Positively the last word on the retirement do for emeritus professor Brian Boyd. The best musical contribution of the evening came, appropriately, from Nigel Osborne, distinguished composer, peace activist and, er, professor as well (Edinburgh University). This wise man from the east suggested that Brian's retirement was only an intermission - after which he produced a guitar and led a rendition of "Always Look on the Bright Side of Life" (with mixed-ability group whistling) from Life of Brian. Lovers of the film will appreciate Osborne's introductory remarks: "Brian's been a long time in education, and has therefore spent time at several crucifixions." We won't even mention the Second Coming - but it started this week on page 22.
Come on down
Nominations for teachers desperate to stand in the elections to the General Teaching Council for Scotland open in 10 days' time. To help people make up their minds, the latest issue of the council's Teaching Scotland mag has helpfully rounded up some key figures to spell out the excitement that is the GTCS. Chief executive Tony Finn suggested that serving on the council was a significant CPD "opportnity" for teachers. Mmm.
Perspective is all, as Keir Bloomer illustrated at a recent meeting of North Ayrshire heidies. The daily diary from the head's perspective might begin at 8.10am with mail to sort out, followed by interruptions by a succession of teachers, phone calls from the office about forms, dealings with a difficult parent - finally departing at 6.20pm, which allows for some thinking time on A Curriculum for Excellence ("two minutes").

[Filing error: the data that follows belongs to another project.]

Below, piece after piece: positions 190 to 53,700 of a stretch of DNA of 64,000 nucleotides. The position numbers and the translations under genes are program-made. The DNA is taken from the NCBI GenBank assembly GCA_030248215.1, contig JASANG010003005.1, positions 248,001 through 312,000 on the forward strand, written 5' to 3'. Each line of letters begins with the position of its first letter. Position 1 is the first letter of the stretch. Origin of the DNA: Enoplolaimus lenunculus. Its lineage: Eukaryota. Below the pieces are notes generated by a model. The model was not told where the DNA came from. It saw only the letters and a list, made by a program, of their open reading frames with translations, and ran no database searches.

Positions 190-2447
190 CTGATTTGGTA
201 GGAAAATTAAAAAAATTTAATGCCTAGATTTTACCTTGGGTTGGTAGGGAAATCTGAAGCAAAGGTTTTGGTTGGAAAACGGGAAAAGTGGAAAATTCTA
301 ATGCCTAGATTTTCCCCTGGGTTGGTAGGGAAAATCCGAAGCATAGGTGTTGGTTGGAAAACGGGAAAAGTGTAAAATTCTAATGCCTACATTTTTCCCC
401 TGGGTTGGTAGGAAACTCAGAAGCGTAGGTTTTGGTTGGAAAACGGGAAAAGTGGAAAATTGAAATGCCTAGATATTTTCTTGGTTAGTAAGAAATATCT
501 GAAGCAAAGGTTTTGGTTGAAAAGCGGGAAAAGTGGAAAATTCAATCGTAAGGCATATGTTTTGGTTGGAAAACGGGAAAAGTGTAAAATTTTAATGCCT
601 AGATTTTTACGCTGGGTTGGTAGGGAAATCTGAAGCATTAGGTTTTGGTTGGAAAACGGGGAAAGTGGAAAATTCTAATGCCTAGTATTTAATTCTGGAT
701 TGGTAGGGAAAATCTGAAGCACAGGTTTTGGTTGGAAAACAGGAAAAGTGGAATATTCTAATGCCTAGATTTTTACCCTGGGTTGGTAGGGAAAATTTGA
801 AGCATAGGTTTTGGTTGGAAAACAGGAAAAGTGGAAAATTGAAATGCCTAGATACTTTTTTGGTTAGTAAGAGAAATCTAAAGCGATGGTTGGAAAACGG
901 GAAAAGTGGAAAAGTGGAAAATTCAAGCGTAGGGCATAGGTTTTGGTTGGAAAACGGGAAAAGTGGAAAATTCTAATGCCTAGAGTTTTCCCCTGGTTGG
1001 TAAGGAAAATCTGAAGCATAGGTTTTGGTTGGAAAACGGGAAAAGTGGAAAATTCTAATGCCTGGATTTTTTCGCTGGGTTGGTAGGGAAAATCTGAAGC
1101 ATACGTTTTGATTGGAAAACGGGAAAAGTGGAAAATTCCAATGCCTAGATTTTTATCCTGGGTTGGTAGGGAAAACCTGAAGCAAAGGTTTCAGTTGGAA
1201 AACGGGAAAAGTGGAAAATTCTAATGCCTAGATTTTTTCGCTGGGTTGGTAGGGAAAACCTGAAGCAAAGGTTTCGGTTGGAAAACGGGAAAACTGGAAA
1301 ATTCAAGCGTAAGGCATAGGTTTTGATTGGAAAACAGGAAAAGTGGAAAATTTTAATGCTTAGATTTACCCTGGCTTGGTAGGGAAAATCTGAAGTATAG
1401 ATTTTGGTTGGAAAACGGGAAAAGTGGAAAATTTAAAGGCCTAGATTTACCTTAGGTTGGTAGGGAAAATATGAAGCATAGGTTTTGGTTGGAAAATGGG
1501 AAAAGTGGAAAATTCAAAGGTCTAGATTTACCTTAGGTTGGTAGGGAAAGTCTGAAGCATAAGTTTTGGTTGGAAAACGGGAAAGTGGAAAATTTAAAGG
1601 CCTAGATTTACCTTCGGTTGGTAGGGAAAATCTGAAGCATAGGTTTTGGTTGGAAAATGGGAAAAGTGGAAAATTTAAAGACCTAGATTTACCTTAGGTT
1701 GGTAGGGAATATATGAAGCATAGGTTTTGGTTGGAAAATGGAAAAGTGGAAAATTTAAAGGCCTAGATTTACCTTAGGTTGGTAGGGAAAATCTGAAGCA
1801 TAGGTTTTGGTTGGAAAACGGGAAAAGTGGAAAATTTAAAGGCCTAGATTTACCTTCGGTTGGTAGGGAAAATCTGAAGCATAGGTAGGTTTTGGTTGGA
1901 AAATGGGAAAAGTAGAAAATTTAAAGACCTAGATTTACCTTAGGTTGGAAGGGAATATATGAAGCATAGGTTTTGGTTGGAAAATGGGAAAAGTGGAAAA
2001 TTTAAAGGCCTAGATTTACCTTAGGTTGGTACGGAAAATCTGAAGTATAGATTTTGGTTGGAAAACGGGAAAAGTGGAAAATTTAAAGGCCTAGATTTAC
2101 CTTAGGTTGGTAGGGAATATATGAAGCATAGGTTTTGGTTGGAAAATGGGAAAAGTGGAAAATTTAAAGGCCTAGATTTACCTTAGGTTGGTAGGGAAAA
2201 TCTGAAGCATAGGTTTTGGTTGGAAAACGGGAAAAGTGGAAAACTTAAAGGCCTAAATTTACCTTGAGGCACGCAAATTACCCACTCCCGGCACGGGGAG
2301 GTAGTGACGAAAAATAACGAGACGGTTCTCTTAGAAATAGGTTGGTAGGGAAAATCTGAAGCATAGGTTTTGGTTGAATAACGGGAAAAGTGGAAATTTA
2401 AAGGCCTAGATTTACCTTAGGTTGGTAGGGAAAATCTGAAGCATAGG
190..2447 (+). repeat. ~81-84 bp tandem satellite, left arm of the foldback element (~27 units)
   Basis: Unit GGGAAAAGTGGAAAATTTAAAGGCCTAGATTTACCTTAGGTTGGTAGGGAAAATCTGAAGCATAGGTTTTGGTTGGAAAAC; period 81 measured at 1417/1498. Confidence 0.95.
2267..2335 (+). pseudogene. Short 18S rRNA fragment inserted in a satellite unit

But from a teacher's viewpoint, the head's day might look something like: arrive at 9.25, coffee at 9.30, daily crossword at 9.40, complete crossword at 10.15 while supervising the school by looking out of the window, make a note to learn Sudoku at 10.30, write to the director of education at 10.35 to complain about lack of support for headteachers, pursue community liaison at the local golf club at 11.05.
Scotland's school leaders are clearly a highly-literate enclave. At the conference for secondary heads to discuss A Curriculum for Excellence, David Cameron, leader of the directors of education, came under fire from heads who feared the new curriculum lacked structure.
Have no fear, he declared: "The structure is there in the experiences and outcomes - in fact, they offer as much structure as the works of Dostoyevsky".
To which Brian Cooklin, head of Stonelaw High, responded: "I'd like to thank David Cameron for his reference to Dostoyevsky, because there are elements of this programme that remind me of Crime and Punishment."